Congress 2021 blog edition
Systemic racism refers to racism that is embedded in the processes, laws, and regulations of an institution. It extends beyond individual attitudes or acts of racism to encompass broader patterns of harmful or exclusionary policies and treatment of individuals. As a settler colonial state, systemic racism is deeply rooted in every institution of Canada, and continues to be upheld and reinforced to the detriment of racialized and marginalized communities. “Systemic Racism Within the Justice System,” hosted by Correctional Service Canada, called upon a panel of practitioners and advocates who accept and admit that systemic racism permeates Canada’s criminal justice system to discuss the some of the challenges involved in addressing systemic racism and propose solutions to it. Warden Gary Sears and Assistant Warden Management Services Barbara Sagh from the Edmonton Institution, Correctional Service of Canada, acted as the moderators for this roundtable.
Lisa Dublin, member of the Citizen’s Advisory Committee for both the Edmonton Institute and the Edmonton Institute for Women, declared that “no matter the veneer of professionalism and official statements of tolerance and justice, these numbers don’t lie.” To this day, Indigenous and Black people are more likely to be incarcerated, stopped, searched, denied alternatives to criminal charges, have their rights violated, be subjected to demeaning police encounters, and, when they end up in prison, are also more likely to be subjected to abuse, denial of rights, and systemic indifference. “I am after the dream of an equitable society. I have Black brothers and a Black family. I’m aware that systemic racism in the justice system is related to the evil of prejudice and racism.” Dublin expressed hope for the future normalization of interactions between police and people of colour.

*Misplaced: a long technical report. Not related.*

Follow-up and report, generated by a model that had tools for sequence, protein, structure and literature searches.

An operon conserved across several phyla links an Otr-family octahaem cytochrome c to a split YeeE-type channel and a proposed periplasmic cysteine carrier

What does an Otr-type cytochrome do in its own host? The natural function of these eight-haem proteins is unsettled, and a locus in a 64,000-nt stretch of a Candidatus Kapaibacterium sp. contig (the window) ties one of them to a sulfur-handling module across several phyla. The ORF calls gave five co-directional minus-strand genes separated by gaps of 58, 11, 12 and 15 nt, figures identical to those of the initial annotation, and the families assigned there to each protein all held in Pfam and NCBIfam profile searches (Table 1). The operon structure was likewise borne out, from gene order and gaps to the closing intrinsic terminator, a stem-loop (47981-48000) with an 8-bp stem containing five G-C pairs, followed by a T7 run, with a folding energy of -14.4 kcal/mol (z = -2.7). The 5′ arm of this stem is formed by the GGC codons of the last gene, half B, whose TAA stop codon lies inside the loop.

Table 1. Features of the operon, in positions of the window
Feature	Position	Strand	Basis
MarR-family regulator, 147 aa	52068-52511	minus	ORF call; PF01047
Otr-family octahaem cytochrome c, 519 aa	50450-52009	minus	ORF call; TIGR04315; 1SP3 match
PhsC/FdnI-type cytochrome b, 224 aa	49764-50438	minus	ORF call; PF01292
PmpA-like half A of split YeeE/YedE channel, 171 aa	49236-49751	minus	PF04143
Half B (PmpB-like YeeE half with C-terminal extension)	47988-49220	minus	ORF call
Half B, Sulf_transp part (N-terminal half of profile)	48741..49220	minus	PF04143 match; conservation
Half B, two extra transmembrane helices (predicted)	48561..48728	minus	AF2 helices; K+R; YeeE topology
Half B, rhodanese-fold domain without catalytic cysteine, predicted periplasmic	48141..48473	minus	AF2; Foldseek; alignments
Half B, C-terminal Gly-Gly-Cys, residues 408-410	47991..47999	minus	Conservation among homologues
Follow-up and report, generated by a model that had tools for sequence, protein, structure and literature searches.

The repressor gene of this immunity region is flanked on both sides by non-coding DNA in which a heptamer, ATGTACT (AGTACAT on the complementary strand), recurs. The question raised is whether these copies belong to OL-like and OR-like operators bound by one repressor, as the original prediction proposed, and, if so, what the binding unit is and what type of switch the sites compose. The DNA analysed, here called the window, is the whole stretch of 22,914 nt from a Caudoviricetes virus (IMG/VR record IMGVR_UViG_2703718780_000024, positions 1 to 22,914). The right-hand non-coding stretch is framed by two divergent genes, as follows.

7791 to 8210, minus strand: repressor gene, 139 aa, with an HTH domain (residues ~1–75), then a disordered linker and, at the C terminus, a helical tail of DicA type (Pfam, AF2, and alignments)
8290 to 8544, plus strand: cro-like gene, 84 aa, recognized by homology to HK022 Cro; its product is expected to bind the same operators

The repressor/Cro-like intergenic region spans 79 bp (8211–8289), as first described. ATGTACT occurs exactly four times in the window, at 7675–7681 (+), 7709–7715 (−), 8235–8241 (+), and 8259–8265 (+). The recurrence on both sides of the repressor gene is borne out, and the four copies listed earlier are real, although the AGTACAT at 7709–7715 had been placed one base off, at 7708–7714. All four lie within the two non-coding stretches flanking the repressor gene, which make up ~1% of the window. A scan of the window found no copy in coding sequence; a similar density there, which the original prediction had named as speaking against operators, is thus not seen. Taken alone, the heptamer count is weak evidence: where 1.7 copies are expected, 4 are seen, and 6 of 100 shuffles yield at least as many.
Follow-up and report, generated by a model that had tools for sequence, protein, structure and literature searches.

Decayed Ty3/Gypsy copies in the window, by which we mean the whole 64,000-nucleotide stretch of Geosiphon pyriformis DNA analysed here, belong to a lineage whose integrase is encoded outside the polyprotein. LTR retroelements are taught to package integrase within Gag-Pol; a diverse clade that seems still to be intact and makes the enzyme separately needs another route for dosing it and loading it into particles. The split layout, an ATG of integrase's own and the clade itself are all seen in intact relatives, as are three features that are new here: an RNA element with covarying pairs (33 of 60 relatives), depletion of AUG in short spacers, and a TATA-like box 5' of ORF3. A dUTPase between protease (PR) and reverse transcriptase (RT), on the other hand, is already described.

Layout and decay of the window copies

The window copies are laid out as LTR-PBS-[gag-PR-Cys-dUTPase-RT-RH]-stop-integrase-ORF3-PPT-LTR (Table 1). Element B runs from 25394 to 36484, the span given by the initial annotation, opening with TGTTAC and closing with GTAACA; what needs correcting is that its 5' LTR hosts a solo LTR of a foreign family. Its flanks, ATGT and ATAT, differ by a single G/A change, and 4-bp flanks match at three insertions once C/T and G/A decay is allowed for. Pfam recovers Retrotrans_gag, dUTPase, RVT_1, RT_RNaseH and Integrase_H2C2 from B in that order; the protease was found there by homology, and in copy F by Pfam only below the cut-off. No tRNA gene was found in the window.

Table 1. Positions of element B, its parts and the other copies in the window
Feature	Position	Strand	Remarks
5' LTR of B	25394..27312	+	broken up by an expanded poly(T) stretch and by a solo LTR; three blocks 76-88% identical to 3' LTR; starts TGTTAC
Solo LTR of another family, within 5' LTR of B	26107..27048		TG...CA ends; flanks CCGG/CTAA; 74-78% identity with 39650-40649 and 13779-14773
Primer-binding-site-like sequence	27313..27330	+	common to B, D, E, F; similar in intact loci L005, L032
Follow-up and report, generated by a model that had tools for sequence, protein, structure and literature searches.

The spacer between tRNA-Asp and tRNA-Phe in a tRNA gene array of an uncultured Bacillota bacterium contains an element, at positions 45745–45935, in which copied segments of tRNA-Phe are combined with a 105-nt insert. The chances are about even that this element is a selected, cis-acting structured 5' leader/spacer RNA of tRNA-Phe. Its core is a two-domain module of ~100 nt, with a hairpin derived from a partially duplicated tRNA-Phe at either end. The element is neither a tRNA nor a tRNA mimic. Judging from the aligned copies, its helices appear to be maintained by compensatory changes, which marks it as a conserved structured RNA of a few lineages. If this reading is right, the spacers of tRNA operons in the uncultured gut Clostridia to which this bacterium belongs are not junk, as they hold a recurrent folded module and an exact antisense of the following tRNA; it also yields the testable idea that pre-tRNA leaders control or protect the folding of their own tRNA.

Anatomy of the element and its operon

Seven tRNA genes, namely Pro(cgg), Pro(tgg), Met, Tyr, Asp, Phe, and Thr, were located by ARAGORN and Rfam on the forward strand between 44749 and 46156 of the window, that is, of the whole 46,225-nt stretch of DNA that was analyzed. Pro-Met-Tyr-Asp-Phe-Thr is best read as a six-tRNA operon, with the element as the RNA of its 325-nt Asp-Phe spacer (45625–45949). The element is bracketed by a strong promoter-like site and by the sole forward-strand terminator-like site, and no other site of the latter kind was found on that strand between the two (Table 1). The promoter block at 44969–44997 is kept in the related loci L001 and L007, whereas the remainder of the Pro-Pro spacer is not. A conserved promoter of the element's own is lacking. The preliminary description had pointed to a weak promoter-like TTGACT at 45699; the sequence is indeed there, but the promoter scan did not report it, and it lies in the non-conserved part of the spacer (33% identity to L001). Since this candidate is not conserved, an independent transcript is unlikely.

Sinela Jurkova, member of the Prairie Region Ethnocultural Advisory Committee, echoed the fact that, drawing from studies on criminology, minority groups have been disadvantaged in every step of the judicial process for more than a century now. She described the criminal justice system on the whole as “hierarchical and resistant to change.” Despite past attempts to address systemic racism, the fact that this roundtable occurred is testament to the lack of results we have had in completely eliminating systemic racism from our criminal justice system. Jurkova said that we should view this as encouragement to keep up individual and collective efforts to address systemic racism, as it will take a long time before we see major changes in the system. “As an educator, my role is to promote knowledge in order to prevent people from entering or returning to the system. I firmly believe each of us must be accountable and responsible in this mission.”